The clothing company Ralph Lauren released an online advertisement for its RRL line last month that drew scathing criticism from Native Americans.
The ad's imagery harked back to the Old West, with henley jerseys and rustic jeans displayed in faded sepia tones. And while one page touted bandanas and “Western-style” shirts, the opposite page showed a Native American sporting a feathered headdress, holding a rifle across his lap.
Another page depicted a stoic Native American man with dark skin, braided hair and a Western shirt-and-vest combo.
Critics charged that the ads reduced people, and indeed entire cultures, to mere marketing props. Many called for a boycott. Dr. Adrienne Keene, a postdoctoral researcher and citizen of the Cherokee Nation, wrote in a post for Indian Country Today Media Network that Ralph Lauren had reached a "new low."
“Ralph Lauren has been doing this my whole life,” Ruth Hopkins, a writer in her 30s who lives on the Spirit Lake Tribe reservation in North Dakota, told The Huffington Post. “He is a repeat offender. Cultural appropriation is apparently his thing.”
Following the outcry, the company removed the images from its website and apologized.
The episode neatly summed up an issue in fashion and pop culture that has drawn heated debate in recent years. Many people seemingly remain tethered to the idea of a romanticized Old West -- a time of death and carnage for America’s indigenous population.
The “cowboys and Indians” movies of the 1950s did much to solidify these tropes in modern American culture, building on centuries of stereotypes. These films mashed up the traditions of countless tribes indiscriminately, often depicting Native Americans as primitive, even bloodthirsty brutes. At best, indigenous people were depicted as noble savages, piteous characters not yet corrupted by the "civilized" world. Meanwhile, the real-life meanings attached to certain items, customs and historical figures got distorted or lost, and white Americans, for the most part, neither knew nor cared.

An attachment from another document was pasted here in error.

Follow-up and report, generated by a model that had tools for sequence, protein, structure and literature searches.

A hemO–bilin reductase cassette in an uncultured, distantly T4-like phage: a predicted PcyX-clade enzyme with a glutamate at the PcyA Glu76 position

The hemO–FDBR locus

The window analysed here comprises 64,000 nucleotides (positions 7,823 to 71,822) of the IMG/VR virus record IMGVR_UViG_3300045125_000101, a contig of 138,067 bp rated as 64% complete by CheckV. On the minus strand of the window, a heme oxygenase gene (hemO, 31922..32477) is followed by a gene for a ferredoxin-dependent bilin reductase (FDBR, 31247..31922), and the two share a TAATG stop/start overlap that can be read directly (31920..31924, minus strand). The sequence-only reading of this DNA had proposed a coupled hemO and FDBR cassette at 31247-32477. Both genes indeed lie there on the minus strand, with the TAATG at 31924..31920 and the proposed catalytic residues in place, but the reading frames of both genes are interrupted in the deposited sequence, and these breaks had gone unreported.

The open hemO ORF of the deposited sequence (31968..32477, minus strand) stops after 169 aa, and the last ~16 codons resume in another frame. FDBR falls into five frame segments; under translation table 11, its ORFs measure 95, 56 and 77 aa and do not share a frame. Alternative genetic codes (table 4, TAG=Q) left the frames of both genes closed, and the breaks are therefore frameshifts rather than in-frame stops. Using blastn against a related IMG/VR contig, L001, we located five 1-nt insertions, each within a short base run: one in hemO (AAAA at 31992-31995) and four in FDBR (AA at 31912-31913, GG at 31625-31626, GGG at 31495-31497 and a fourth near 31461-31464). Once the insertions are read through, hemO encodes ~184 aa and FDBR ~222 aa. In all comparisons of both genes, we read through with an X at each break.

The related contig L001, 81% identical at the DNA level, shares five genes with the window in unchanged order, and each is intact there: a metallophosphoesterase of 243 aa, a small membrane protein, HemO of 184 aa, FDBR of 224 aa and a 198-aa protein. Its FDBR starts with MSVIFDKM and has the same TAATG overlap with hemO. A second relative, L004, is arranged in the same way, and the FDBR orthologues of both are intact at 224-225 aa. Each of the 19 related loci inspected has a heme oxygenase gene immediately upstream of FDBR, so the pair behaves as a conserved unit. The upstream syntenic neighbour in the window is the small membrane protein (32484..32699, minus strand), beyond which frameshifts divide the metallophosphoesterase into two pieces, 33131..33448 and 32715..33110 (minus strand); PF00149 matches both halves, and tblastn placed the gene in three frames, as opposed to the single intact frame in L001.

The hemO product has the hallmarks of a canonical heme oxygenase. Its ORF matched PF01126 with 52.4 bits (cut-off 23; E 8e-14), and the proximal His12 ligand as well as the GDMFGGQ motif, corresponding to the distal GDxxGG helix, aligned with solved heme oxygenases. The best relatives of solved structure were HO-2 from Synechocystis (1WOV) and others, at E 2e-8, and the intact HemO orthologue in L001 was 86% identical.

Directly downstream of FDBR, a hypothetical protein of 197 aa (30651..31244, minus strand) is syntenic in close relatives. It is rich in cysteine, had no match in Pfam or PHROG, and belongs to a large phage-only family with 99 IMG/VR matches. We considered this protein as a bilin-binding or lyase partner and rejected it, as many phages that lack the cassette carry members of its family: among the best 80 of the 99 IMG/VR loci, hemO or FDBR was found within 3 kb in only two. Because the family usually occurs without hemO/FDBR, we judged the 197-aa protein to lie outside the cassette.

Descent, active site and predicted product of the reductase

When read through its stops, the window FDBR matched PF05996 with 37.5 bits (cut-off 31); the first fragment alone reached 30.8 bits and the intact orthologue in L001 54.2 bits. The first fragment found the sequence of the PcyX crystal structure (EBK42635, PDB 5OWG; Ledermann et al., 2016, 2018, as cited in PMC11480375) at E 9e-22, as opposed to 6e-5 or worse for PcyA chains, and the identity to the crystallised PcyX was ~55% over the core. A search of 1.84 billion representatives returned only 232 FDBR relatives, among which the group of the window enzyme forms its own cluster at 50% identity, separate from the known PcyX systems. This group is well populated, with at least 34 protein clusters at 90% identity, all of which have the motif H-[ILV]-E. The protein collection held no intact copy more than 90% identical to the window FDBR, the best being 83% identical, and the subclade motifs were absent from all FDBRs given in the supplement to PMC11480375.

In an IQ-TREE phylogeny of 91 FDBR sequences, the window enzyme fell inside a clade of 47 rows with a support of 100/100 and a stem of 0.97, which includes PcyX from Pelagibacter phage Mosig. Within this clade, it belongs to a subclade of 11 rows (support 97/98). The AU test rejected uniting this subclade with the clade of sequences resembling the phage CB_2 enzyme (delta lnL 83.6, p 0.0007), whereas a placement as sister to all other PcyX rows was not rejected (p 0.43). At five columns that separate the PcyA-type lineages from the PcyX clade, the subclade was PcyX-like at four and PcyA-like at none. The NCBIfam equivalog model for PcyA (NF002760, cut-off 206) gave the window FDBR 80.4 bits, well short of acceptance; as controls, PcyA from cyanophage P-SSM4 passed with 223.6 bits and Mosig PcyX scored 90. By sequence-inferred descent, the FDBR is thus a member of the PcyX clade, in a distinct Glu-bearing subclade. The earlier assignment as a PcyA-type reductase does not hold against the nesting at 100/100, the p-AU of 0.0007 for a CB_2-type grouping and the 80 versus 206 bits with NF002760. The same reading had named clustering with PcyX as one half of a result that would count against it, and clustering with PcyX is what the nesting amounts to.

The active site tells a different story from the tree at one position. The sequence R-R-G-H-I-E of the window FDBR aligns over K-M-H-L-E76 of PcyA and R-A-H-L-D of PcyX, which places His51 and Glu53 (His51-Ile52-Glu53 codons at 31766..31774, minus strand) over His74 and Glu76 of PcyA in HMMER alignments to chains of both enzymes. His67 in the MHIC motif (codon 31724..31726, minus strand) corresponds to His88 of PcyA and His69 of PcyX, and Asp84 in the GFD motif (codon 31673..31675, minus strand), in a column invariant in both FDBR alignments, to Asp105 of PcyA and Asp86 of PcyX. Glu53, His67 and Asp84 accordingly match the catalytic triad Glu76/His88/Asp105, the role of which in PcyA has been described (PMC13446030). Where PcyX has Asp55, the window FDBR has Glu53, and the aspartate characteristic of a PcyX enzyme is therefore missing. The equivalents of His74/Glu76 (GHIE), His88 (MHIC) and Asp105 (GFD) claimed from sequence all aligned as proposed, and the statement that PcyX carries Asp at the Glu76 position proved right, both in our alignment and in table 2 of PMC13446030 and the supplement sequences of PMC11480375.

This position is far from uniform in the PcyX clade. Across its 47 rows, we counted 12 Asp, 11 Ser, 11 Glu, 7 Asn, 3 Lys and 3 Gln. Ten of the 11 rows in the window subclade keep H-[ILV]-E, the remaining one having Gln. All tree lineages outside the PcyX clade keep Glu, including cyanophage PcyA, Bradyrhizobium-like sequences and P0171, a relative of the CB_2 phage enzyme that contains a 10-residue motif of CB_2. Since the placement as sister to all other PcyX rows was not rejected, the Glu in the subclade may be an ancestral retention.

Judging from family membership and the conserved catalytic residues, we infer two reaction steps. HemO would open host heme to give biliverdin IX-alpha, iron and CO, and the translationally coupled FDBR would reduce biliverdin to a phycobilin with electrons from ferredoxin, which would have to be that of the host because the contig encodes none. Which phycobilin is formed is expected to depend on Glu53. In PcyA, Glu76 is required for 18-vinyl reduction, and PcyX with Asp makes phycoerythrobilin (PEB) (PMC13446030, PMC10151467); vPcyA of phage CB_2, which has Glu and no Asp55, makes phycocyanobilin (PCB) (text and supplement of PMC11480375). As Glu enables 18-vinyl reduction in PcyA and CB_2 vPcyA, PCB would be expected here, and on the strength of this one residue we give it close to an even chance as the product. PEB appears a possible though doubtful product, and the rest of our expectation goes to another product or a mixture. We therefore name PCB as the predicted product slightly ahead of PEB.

Take the war bonnet, a feathered headdress worn by the warriors or leaders of many Native American tribes. Each feather was earned through a sacrifice or an act of valor, making the bonnet a mark of great respect. But at the 2012 Victoria’s Secret Fashion Show, supermodel Karlie Kloss strode down the catwalk in panties, a skimpy bra and a massive war bonnet-like headdress. Chanel put headdresses on the runway in 2013, and Pharrell Williams donned one on the cover of Elle UK in 2014. Each incident was met with swift backlash.
Such cliched images are what many Native Americans in the fashion industry want to transcend.
“Mass society thinks that way,” said Bethany Yellowtail, a 26-year-old fashion designer and member of the Crow and Northern Cheyenne tribes. “They think of teepees and headdresses and feathers.”
Raised in Montana on the Crow Indian Reservation, Yellowtail wants to bring authenticity to indigenous fashion with her line B.Yellowtail, which will be released in spring. Her clothes are modern takes on the classic designs of her culture, adapting the work of her ancestors to the 21st century -- for example, designs based on the beadwork of her great-grandmother, who lived in the 19th century.
“Our original designs were purposeful,” she said. “The colors, the designs -- everything has a specific meaning and a spirit connected to it.”